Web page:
When we arrived back, we showered (nothing was rushed the entire day) and first Rachel, Pastor Pablo and I ate dinner, a pasta salad con avocado, chile (not too hot, which impressed Pablo), arroz y frijoles. Church youth group eventually followed where I understood maybe three words in the songs and the congregation was separated by gender. Dan ate cheese puffs to win a shirt. We felt convicted for not knowing our Bibles very well, and we shook a lot of hands, greeted by smiles and blessings.
I sort have checked out then, changing back into my casual clothes and meeting with the team to debrief the day. For the most part, we shared our desire to want to communicate better, how we love the Latin culture with more care-free attitudes, noticing this and that about the culture... We all just feel so blessed to be here, experiencing it all.
I have some expectations, or rather desires, for this trip that I feel are legitimately from God. I want to see how Christ is the Lord of Nicaragua and its people. He told me to just enjoy Him in this culture, in this language despite my incomprehension. The Spirit is not hindered as we are and I want to fully embrace that truth and not fight against my selfishness of preference. I also want to feel comfortable being awkward with the people. I want to stretch myself by trying the more advanced spanish I know. I also want to show the love of Christ through my actions. My words won't be too great, but I want to learn to let my heart lead me.

Friday, March 17, 2006

Thoughts from Nicaragua: Day I

First, a confession. I never journaled the following in Nicaragua. The following will be my recollection of the very long day of travel. It's only purpose is to fill the void of information that used to exist.

So we had an early start this morning. We met in front of the Ministry House at 3:45 AM, packed the vans and left for the airport. We did the normal airport stuff... after meeting Shannon there, we checked our bags, proceeded to security and waited for our flight to board. We had McDonalds breakfast. Arriving at Houston, we then proceeded to wait for our next leg... for some ungodly six hours or so. During that time, we sat and slept and ate lunch together at the food court (most of us Panda Express), wondered about, sat in the Brookstone Massage chair... a tangent on the chair if I may...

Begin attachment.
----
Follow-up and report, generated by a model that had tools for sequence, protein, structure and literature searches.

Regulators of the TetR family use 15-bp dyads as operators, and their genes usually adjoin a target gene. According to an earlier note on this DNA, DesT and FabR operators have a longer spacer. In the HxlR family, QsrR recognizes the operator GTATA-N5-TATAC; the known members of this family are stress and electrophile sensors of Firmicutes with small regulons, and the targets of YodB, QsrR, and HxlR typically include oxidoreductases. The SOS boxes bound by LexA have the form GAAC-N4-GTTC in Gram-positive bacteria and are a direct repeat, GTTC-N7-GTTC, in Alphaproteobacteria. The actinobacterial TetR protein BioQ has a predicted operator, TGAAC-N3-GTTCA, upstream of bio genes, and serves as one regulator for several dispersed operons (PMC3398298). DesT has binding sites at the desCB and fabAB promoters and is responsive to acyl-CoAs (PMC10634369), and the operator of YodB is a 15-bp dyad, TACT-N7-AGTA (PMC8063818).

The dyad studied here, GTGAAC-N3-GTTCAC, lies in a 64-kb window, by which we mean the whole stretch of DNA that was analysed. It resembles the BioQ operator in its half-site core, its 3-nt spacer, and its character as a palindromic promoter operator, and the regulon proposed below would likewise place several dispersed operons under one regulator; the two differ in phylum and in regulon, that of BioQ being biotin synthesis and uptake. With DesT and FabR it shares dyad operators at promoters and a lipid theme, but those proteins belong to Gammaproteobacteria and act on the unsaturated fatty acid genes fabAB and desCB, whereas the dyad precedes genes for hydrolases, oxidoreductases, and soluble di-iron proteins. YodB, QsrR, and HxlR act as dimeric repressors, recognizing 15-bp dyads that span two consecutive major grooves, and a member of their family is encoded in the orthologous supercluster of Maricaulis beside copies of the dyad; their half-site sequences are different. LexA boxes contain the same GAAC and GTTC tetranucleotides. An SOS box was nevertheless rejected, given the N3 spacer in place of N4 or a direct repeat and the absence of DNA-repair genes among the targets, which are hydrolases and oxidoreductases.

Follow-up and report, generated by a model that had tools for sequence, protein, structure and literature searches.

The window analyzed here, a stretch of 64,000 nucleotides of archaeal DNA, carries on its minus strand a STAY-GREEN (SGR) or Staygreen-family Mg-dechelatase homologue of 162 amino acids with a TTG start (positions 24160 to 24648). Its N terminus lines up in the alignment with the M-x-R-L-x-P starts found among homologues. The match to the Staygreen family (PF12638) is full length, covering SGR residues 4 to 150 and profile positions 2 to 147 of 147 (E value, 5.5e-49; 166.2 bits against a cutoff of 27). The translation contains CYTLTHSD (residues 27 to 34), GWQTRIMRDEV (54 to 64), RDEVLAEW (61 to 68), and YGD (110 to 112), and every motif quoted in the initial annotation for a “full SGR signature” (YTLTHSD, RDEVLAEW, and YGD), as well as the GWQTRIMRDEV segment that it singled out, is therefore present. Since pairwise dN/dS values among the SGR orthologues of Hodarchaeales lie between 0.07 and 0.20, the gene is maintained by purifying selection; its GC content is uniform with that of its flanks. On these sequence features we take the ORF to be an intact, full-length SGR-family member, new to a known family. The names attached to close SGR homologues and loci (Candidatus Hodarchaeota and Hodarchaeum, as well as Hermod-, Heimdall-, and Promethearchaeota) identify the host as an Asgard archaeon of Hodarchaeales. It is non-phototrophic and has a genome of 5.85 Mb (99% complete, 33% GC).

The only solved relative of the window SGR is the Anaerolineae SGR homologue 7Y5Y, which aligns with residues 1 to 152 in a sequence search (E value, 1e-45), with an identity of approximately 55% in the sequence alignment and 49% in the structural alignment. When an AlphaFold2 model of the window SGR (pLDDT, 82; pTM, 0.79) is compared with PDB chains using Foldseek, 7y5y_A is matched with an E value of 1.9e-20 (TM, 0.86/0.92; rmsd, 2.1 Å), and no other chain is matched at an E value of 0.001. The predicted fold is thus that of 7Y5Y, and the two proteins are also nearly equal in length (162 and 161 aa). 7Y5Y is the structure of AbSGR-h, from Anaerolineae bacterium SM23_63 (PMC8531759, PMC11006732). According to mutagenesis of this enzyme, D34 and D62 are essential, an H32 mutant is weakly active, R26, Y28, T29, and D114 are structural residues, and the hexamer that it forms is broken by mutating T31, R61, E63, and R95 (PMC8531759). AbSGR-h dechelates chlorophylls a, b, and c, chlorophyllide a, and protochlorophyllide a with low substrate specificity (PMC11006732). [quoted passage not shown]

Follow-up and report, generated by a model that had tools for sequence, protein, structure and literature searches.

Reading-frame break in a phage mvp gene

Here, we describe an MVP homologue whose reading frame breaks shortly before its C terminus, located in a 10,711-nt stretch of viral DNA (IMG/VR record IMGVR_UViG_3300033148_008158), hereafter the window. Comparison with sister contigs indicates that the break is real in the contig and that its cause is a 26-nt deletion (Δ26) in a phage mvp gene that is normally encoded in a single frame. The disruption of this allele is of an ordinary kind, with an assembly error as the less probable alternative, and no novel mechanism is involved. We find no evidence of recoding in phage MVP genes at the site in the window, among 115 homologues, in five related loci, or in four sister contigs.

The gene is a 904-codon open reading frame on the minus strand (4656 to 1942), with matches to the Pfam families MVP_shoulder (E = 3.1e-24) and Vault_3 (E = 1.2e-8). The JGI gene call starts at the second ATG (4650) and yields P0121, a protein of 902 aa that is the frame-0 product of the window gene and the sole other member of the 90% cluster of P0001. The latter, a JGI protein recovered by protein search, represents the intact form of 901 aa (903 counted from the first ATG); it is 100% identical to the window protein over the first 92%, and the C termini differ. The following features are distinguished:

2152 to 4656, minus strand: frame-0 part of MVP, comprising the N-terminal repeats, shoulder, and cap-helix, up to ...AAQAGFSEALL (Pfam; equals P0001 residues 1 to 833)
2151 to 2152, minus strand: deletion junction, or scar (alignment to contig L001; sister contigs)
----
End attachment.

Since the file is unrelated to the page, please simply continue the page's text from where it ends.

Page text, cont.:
I entered this trip with much anxiety about my future, a lot of built up tension... the flight to Houston, I was the most uncomfortable I've ever been on a flight. My seat did nothing for me, and I attribute the discomfort to my stress... anyways, the massage chair felt amazing to sit in, but like how Psychotherapy has the potential to unlock repressed emotions, causing an avalanche of memories and pain and tears, the chair had the same effect on my physical state... it simply awoke all the pain from the tension I'd carried for those many months of future anxiety.

Back to the story... I sat in the chair and only became more sore. At one point we played a card game, but for the most part we slept (some didn't go to sleep the night before). Oh, Gabby and Heidi were the lucky ones of our group. They had to catch different flights to Houston than we took. So there flights didn't arrive till after we had lunch, a few hours shorter a lay-over.
Eventually we boarded and took off for Nicaragua. We caught the Sunset on our flight and landed in darkness in Managua... Ironically, most of us caught the sunset on the flight over. Landing in Nicaragua, we then waited a long time at Customs, paid our fee for entering, I got my first foreign country stamp in my Passport, and left the Airport where we were greeted by Pastor Pablo, Isaac (Eee-sock), and others from the church. We then drove to the church and homes, sat around a bit, found our living arrangements, and went to bed, sleeping in the next morning. Our time with the Nicas had arrived, but I think we were all too tired to fully grasp and express the excitement we had.